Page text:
For a visit to the untamed Alaskan wilderness, where your survival depends solely upon you, find your way to Gates of the Arctic National Park and Preserve. There are few named locations on a map of this park. In fact, there are no roads, no services, no visitor center—just mountains, rivers, wildlife, and solitude.
Visitors come to this region above the Arctic Circle to really get away from it all, at a rate of fewer than 10,000 people per year!
History of Gates of the Arctic National Park
The Brooks Range has been inhabited by nomadic peoples for more than 12,000 years, as is proven by the stone tools and projectile points that were found in the region. More recently Inupiat tribes have come through the park as hunters since 1200 AD.
It wasn’t until the Klondike gold rush that white men filtered into the area, looking for an easier way to find the precious metal than they had on the Yukon. They were largely unsuccessful but opened the way for more exploration throughout the region.
By 1929, Bob Marshall, who spent a decade exploring the park, noted the scene before him, with Frigid Crags on one side of the North Fork of the Koyukuk River and Boreal Mountain on the other. He called this portal “The Gates of the Arctic.”
By the 1960s, proposals for a national park in the region were made, but it wasn’t until 1978 that Gates of the Arctic National Monument was created. Two years later it became Gates of the Arctic National Park and Preserve.
Why Visit Gates of the Arctic National Park?
Because there are no roads into Gates of the Arctic, visitors must take an air taxi or hike into the park. Drive your RV to Fairbanks, as there are several RV parks that can act as your home base in this part of Alaska. Then catch a bush plane into any region of the national park for hiking and backpacking in the summer or snowshoeing in the winter.
Places to Go
There are no visitor centers, museums, or exhibits to see in Gates of the Arctic National Park. What it lacks in ‘buildings,’ the park makes up for in spectacular outdoor attractions. Here are a few that will take your breath away:
6 Wild and Scenic Rivers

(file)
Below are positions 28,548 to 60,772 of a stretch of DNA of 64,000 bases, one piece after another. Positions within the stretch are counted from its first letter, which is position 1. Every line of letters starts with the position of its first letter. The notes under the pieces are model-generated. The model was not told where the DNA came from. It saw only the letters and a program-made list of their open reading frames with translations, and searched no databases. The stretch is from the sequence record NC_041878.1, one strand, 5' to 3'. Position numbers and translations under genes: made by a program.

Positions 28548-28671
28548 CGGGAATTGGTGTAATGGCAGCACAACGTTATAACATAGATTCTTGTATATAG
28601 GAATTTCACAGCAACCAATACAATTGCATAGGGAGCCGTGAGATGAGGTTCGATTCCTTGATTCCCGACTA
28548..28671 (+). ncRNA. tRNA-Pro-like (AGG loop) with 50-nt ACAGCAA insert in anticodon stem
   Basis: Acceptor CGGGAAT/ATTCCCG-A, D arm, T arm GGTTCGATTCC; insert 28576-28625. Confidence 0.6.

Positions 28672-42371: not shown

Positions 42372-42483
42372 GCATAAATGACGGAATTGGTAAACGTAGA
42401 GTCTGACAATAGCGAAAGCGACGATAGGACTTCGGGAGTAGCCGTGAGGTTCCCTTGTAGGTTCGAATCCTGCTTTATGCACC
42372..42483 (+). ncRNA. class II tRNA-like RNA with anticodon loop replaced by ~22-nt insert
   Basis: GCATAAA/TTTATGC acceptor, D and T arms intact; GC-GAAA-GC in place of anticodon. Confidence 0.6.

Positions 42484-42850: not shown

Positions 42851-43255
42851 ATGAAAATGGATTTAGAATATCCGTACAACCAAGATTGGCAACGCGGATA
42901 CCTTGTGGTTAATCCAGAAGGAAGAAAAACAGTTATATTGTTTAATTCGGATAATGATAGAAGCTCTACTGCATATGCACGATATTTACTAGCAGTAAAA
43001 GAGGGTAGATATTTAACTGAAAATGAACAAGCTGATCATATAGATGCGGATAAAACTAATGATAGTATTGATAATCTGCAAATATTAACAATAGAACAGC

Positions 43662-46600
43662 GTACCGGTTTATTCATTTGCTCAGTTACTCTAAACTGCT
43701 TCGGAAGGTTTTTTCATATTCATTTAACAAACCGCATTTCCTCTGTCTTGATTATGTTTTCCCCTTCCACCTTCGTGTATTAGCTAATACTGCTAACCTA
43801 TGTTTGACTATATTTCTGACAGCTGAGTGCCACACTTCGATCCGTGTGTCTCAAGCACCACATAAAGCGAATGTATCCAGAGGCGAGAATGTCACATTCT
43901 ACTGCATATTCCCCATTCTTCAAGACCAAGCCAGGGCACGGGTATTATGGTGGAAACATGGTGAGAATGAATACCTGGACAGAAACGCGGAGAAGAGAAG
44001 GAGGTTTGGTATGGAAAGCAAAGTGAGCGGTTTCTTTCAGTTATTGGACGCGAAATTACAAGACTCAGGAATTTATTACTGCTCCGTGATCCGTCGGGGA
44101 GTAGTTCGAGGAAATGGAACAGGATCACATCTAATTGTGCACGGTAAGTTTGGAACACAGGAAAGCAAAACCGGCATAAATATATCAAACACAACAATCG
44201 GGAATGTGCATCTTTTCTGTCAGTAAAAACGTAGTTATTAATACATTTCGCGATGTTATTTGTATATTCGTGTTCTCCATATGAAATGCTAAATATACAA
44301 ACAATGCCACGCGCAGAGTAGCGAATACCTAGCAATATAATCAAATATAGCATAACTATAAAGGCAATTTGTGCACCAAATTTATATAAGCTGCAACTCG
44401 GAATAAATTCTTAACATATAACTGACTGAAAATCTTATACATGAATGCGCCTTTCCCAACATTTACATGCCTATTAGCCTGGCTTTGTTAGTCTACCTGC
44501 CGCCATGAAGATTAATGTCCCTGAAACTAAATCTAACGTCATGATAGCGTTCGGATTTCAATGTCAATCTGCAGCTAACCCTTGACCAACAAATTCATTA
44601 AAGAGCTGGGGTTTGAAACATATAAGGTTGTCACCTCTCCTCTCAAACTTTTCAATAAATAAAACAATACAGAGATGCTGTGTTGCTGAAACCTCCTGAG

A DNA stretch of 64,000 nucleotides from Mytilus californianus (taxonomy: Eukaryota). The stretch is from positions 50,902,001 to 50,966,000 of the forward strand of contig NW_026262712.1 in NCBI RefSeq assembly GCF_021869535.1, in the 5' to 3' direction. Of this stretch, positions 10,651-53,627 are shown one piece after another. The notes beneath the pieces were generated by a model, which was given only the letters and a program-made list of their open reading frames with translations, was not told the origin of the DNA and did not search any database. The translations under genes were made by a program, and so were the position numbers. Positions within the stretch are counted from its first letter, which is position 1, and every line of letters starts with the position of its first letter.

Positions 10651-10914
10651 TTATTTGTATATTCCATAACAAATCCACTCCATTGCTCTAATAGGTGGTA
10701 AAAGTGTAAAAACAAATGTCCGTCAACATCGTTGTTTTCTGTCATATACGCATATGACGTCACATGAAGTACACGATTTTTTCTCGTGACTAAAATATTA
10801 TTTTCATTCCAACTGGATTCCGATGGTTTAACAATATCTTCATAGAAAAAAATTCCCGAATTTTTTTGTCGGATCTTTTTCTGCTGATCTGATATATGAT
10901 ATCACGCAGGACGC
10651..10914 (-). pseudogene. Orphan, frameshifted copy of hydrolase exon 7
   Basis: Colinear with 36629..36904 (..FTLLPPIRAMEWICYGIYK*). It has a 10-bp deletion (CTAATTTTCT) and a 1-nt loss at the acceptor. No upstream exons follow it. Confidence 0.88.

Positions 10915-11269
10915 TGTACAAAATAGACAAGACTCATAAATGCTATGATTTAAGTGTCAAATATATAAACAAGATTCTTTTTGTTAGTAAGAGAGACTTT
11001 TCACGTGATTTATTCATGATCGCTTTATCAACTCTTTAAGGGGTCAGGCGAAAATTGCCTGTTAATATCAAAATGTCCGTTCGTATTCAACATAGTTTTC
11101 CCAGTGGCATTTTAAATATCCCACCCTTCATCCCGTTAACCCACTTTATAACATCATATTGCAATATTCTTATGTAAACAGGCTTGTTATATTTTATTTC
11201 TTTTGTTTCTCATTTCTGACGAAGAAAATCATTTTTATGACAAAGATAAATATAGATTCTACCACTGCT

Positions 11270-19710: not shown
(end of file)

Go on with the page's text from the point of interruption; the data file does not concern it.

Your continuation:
These six rivers have been designated as National Wild and Scenic Rivers, meaning that the rivers have outstanding natural, cultural, and recreational values that need to be preserved.
- Alatna River – This is the west gate of Gates of the Arctic and flows south.
- Noatak River – This river drains the largest mountain-ringed river basin in America that is untouched by human activities.
- John River – This river flows south through the Brooks Range of Alaska.
- Kobuk River – This is another west gate, but it flows west through the forested preserve.
- Tinayguk River – This is the east gate to Gates of the Arctic, flowing south.
- North Fork of the Koyukuk River – This tributary of the Koyukuk River is an east gate, flowing south.
Designated as a National Natural Landmark, Walker Lake is the perfect example of varied ecological communities of the far north. It is located on the south slope of the Brooks Range.
At 8,276 feet, Mount Igikpak is the tallest mountain within the park and part of the Brooks Range.
Things to Do
With over 8 million acres, there are a lot of activities that can be enjoyed. Here are just a few of the most popular ones:
Because there are no trails in Gates of the Arctic, a good map and compass or GPS unit are a requirement for hiking in this untouched wilderness. When planning routes, keep in mind that ground cover, dense vegetation, and frequent water crossings will increase hiking times a great deal.
Plan accordingly and carry essentials like a first aid kit, plenty of water, and signaling items like a mirror. (Cell phones don’t work here!)